Lucid Culture

JAZZ, CLASSICAL MUSIC AND THE ARTS IN NEW YORK CITY

The Jesus Taco Put an Original, Literate Spin on Americana

Swiss-based lo-fi Americana trio the Jesus Taco’s debut album takes its cue from field recordings: it’s as if they decided to record everything in their collective songbooks. Along with the fully realized creations, there are the fragments, the unfinished numbers and sonic japes that fly by and are gone almost before you realize it. Perhaps to maintain a flow, pretty much every track here segues into the next. Frontman/guitarist Brett Davidson is a strong singer with some Gram Parsons inflections, accompanied by Sascha Greuter on acoustic and electric guitars along with respected luthier Tyko Runesson on mandolin, guitars and blues harp. Darkness alternates with good humor and some hijinks that sometimes seem more fun to the band than to an outsider along with others that are more accessible, and hard to resist. The longer songs and instrumentals are separated by a series of miniatures: simple fingerpicked melodies, astringent washes of feedback, a couple of brief, tuneful ragtime piano interludes, some folk-funk and what seems to be a woman laughing her way through either quoting or impersonating some ditz from reality tv.

The best song here is The Meek, a jangly, symbolically charged folk-rock gem:

When they found me on South Main
There were bruises on my brain
So they put me on ice
The charity wards were swollen with sorrow
But the nurses were nice…
Said I wanted to kill
So they put me on pills for a week…
Wretched are the ways of the weak
And the ways we pray for a winning streak …

The casual ominousness of Ten O’Clock evokes Lou Reed’s Sunday Morning, down to the glockenspiel. A simple litany of wanting more, and more, and more, wastes no time in making its point. One of the later numbers blends sci-fi imagery with an eerie rural milieu; there’s also the aptly titled, cantabile acoustic guitar instrumental So Calm, something that wouldn’t be out of place in the later works of John Fahey, a brief New Orleans/punk rock interlude that evokes the Dead Milkmen, and a gently fingerpicked acoustic ballad in Swedish. It’s another welcome surprise from upstart Swiss label Weak Records.

Advertisements

December 5, 2010 Posted by | Music, music, concert, review, Reviews, rock music | , , , , , , , , , , , , , , , , , , , , , , , , | Leave a comment

CD Review: Paban Das Baul – Music of the Honey Gatherers

South Indian singer Paban Das Baul has collaborated extensively with a number of western musicians and disco producers. This new album is a return to his roots, a collection of both original and centuries-old Baul music, a tradition he was initiated into at age fourteen. The Bauls are wandering minstrels with a mystical streak. Traveling the Ganges plains, they perform a spiritual purification ritual known as “honey gathering:” they play, the villagers’ spirits are raised, the musicians are given rice and beans. “Baul” is Bengali for “crazy” or “possessed,” but from the music, it’s clear that if there any spirits at work here, they are gentle and benign ones. As befits a tribe given to heavy ganja smoking, these songs go on for minutes on end. Western songwriters from Nick Drake to Devendra Banhart have drawn on elements of this stuff – you could say that it’s the original freak-folk. Paban Das Baul sings with a kindly, reflective delivery, more introspective than ecstatic, which makes sense in that he’s often encouraging the listener to look within.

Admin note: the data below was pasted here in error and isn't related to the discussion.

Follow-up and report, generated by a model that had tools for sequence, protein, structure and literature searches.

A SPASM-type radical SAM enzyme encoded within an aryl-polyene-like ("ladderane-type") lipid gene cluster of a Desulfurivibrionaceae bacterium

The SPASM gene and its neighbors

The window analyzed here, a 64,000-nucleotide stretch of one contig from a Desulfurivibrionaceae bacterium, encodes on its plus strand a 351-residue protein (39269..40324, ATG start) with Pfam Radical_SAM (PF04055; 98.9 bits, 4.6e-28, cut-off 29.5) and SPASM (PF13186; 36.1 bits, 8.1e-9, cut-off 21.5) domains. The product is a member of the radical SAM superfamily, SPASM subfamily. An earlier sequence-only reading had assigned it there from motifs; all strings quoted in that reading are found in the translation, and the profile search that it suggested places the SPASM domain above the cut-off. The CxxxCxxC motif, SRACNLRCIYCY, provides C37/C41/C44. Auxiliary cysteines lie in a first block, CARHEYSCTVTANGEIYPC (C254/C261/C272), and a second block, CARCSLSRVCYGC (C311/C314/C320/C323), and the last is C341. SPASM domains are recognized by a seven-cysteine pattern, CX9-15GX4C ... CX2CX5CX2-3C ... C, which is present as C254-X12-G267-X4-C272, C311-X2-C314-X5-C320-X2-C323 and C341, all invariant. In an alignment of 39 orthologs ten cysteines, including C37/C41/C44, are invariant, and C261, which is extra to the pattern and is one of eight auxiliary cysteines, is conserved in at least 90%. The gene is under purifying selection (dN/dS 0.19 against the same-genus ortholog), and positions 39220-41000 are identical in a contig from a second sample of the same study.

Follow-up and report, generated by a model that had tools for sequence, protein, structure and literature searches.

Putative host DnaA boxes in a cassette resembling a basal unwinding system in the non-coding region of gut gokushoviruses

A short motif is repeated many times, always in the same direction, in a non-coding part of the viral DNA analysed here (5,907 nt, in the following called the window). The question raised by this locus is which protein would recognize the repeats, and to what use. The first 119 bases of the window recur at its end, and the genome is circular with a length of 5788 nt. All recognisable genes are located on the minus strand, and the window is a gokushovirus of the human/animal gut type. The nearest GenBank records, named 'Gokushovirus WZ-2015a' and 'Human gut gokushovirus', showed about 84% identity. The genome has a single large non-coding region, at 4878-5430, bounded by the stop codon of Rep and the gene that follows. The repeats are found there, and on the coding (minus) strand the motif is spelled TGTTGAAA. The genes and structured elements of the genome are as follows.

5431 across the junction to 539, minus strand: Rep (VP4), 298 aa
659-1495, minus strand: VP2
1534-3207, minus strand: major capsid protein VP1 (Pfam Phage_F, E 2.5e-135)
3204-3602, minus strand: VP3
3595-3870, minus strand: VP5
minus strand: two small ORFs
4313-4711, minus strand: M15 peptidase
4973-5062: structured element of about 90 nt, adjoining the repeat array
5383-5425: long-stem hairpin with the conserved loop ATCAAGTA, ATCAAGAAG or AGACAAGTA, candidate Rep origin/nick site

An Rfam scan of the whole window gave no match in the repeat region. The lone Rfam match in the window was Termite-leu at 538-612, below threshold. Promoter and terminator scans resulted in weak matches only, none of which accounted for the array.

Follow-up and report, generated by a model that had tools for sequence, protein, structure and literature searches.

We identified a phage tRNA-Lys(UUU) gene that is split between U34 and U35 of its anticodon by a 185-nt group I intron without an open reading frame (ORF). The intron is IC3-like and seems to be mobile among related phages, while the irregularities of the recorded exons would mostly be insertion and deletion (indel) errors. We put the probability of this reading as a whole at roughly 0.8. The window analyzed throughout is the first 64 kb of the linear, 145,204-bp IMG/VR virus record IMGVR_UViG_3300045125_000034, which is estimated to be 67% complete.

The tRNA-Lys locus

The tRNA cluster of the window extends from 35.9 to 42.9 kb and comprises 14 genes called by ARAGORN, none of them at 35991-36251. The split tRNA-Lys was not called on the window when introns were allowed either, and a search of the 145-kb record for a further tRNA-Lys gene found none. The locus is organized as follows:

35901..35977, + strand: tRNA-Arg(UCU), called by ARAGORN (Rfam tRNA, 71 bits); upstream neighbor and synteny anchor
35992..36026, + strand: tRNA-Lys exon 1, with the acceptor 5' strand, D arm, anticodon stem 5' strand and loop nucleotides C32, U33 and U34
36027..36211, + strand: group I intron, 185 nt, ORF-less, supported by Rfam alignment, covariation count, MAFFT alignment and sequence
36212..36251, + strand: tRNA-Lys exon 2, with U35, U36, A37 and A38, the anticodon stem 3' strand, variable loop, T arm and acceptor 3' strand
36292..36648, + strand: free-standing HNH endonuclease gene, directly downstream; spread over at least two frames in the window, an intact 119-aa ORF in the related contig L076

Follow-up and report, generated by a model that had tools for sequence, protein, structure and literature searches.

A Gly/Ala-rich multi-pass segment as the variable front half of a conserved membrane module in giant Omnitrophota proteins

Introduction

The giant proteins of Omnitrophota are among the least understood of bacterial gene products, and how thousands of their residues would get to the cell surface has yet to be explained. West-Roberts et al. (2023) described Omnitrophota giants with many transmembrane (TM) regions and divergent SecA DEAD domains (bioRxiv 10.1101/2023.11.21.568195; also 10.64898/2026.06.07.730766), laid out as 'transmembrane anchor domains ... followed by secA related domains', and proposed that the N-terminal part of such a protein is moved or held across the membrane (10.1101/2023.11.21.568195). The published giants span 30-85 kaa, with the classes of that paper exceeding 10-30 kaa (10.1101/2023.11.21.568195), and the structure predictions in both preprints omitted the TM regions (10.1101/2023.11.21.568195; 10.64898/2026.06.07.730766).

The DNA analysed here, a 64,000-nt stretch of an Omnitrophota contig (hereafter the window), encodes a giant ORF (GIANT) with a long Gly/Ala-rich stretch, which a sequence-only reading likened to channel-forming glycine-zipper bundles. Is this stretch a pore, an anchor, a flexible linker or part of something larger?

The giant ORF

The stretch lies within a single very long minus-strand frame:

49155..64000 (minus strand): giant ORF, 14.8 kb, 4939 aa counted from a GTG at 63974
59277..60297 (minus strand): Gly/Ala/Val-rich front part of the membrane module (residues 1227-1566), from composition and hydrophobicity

The songs share a languid, swaying rhythm, the melody carried by the vocals, dotara (a five-string lute) and sometimes jews harp; often the lute doubles the vocal line. The lute playing is repetitive and ruminative with subtle changes, occasionally picking up with an incisive phrase: late 60s Jerry Garcia in paticularly pensive mode comes to mind. When the melody goes into the upper registers, the instrument resembles a mandolin. There are subtle modal shifts, but no chord changes per se. The percussion rattles along, sometimes minimalistically, once in awhile insistent. The music doesn’t seem to make any attempt to mirror the lyrics, in the case of either sadness (a breakup song), weariness (a traveler’s tale) or joy (a tribute to wanderlust and all its metaphorical implications). It’s pretty much what you would expect in late summer on the outskirts of Calcutta, heavy-lidded and absolutely hypnotic. It’s out now from World Music Network.